Percentage of Adults Living as Flatmates in USA
The American Community Survey from 2020 conducted by the US Census Bureau estimates that 39% of individuals between the ages of 25 and 34 share a home with more than one person. Adults that share a home in this age bracket make up the majority of all adults. Although the percentage diminishes with age, it is still significant among younger persons.
It's crucial to remember that these figures are a snapshot in time and may change depending on a person's location, the state of the economy, and other variables.
According to data from the US Census Bureau, the proportion of individuals who share a room declines with age. For instance, roughly 27% of people in the 35 to 44 age group share a home with more than one individual. The ratio falls to 22% for individuals between the ages of 45 and 54, and it is rising by 10% every year for those 55 and older.
It's also important to note that, despite recent increases in the proportion of individuals living with flatmates, particularly among young adults, this living arrangement is still very unusual in general. The majority of individuals in the US continue to live with their families or in single-person homes, according to the US Census Bureau.
Several causes, including as growing housing costs, student loan debt, and a desire for a more adaptable and sociable lifestyle, might be blamed for the trend of more young adults sharing a room. In addition, some young adults are delaying getting married and buying a home in favour of living with flatmates as a cost-saving tactic.
It's important to take into account the geographical differences in the proportion of people who share a room. For instance, compared to other regions of the country, a higher proportion of people live with flatmates in particular cities with high housing expenses, such as San Francisco and New York. In contrast, the proportion of people living with flatmates is lower in places that are more cheap, including the Midwest and the South.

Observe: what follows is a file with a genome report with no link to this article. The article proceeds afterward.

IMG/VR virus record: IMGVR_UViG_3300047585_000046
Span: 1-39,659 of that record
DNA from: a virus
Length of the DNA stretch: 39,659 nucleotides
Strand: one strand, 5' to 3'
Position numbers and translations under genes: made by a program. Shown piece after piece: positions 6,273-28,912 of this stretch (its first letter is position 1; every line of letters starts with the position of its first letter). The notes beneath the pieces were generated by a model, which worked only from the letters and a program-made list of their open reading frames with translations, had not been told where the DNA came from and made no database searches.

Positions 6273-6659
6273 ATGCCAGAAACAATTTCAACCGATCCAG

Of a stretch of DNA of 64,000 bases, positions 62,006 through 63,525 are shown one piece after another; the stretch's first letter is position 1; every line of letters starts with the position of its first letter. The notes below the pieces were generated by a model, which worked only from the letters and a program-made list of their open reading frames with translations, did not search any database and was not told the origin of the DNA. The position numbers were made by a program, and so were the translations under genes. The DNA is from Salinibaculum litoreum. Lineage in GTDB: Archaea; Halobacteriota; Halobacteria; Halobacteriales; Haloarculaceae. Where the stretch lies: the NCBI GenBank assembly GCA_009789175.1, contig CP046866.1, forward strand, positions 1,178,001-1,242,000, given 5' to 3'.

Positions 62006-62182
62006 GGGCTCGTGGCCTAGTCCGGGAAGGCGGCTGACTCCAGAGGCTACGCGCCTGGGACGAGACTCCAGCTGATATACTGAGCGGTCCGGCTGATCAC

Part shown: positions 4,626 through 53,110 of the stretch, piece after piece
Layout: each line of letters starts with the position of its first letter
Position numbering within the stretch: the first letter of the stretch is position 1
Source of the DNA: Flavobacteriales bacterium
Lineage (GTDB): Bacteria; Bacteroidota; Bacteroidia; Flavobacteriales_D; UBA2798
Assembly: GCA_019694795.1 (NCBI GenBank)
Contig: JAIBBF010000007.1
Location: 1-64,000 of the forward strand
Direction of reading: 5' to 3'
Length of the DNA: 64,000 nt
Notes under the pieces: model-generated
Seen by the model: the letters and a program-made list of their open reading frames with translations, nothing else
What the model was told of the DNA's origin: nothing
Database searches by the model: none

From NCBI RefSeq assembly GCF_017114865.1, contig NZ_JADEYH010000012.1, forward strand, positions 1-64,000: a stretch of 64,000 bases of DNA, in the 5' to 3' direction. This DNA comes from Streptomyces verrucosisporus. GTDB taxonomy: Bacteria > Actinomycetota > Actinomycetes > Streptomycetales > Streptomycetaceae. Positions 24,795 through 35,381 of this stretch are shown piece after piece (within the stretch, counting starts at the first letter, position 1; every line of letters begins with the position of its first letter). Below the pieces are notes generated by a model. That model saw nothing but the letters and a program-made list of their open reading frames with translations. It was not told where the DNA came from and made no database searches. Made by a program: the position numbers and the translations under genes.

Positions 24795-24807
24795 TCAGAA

The kind of living arrangement is a further consideration. Some grownups share a home with another person in a classic flatmate arrangement, renting separate bedrooms but sharing common areas like the living room and kitchen. Others, on the other hand, opt to live in shared housing or co-living situations, where several people occupy a single residence, frequently with separate bedrooms and shared common areas.
In conclusion, even though the proportion of people living with flatmates has grown recently, it is still a relatively unusual living situation. Young adults between the ages of 25 and 34 are particularly affected by the trend, as they are more likely to live with flatmates as a result of increased housing costs, mounting student loan debt, and a desire for a more adaptable and sociable lifestyle. With a larger percentage in cities with high housing prices and a smaller percentage in more inexpensive places, the proportion of adults living with flatmates varies by region.